Argument preview: Justices to mull protections for spouses forced to guarantee each other’s debts
on Sep 28, 2015 at 10:46 am
The first Monday in October will bring the Justices a refreshing gem of a case in Hawkins v. Community Bank of Raymore. Herein nothing of same-sex marriage, capital punishment, affirmative action, or the like. Rather, as simple and straightforward a question of statutory interpretation as a fresh-from-the-court-of-appeals clerk could desire.
The case involves marital discrimination in credit transactions. It arises out of a loan by the Community Bank of Raymore to PHC – a Missouri limited-liability company – for the purpose of developing a residential subdivision. As is typical in such transactions, the bank asked for a guaranty to support the creditworthiness of both PHC and its two members, Gary Hawkins and Chris Patterson. Specifically, the bank required a guaranty from Valerie Hawkins and Janice Patterson, the two members’ spouses. That requirement is surprising, because the Federal Reserve’s Regulation B has barred banks from requiring spousal guaranties for thirty years. When the borrower and lender fell into a dispute, Valerie Hawkins and Janice Patterson brought suit claiming that the guaranties should be invalidated as a violation of Regulation B and the Equal Credit Opportunity Act (the “ECOA”), which Regulation B implements.
That brings us to the legal conundrum that the case presents to the Court. The ECOA makes it unlawful to “discriminate against any applicant,” and it defines an applicant as “any person who applies to a creditor directly for an extension, renewal, or continuation of credit.” The Bank has the easy textual side of the argument: whatever you want to say about the statute, it is not at all obvious that a spouse, obligated to serve as a guarantor for credit sought and granted to another, has “applie[d] to a creditor directly for . . . credit.” If that is correct, then Valerie Hawkins and Janice Patterson are not applicants and thus have no standing to complain about the bank’s actions.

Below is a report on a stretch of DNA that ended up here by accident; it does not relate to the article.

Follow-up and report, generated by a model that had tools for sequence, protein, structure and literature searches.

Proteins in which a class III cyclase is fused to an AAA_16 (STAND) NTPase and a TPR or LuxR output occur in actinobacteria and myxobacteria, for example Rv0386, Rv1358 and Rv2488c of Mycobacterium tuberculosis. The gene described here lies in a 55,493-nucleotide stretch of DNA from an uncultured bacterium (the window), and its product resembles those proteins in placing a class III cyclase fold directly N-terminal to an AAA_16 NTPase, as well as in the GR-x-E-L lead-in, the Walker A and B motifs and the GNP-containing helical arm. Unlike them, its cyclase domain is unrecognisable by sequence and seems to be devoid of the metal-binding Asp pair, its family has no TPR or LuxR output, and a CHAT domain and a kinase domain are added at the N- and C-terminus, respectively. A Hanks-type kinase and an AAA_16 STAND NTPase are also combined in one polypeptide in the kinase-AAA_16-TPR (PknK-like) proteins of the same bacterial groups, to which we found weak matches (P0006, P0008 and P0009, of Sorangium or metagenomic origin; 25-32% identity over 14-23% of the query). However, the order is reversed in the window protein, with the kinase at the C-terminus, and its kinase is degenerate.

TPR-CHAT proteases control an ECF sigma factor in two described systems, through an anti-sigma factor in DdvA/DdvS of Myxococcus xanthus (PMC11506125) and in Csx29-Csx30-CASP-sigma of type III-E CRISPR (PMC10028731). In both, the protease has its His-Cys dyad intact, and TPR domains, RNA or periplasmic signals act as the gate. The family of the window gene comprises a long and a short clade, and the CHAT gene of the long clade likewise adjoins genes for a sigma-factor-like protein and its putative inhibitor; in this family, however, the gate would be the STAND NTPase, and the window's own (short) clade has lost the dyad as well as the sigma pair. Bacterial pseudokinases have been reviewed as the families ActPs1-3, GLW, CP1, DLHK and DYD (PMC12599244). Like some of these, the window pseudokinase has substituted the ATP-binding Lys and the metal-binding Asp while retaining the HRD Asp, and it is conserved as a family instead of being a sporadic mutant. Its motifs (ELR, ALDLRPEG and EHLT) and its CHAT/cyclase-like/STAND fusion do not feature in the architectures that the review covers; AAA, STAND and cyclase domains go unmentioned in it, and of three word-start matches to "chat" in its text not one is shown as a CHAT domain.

What Hawkins and Patterson have going for them is the antiquity of the regulatory interpretation outlawing the practice. Regulation B has been in place unchallenged for a generation, prohibiting the specific practice at issue in this case. Moreover, for those Justices who might care about the subject, the legislative history makes it plain that Congress intended for the ECOA to address the spousal guaranty problem. The Justices surely will recognize the practice as a relic of an era when the property and credit of wives were nothing but adjuncts of the financial characteristics of their husbands. It is safe to expect that recognition to motivate several of them to condemn the practice in this case. Still, the difficulty of reading “applicant” to include a spousal guarantor will stick in the craw of some; Justice Alito’s recent speeches suggest he well may be in that group.
The wild card might be the unusually broad grant of regulatory authority in the ECOA, which directly authorizes the Board to “prescribe regulations” and goes on to emphasize:
These regulations may contain but are not limited to such classifications, differentiation, or other provision, and may provide for such adjustments and exceptions for any class of transactions, as in the judgment of the [Board] are necessary or proper to effectuate the purposes of [ECOA], to prevent circumvention or evasion thereof, or to facilitate or substantiate compliance therewith.
Remarkably, despite the emphatic reliance on that mandate by the federal government (which filed an amicus brief defending the regulation), the bank does not so much as mention it in its brief.
The Justices should find the case a welcome respite after a morning that will begin with oral arguments in a case considering the coverage of the Austrian national railway under the Foreign Sovereign Immunities Act. Given the apparent weaknesses on both sides of Hawkins, counsel on both sides can expect stern inquiries.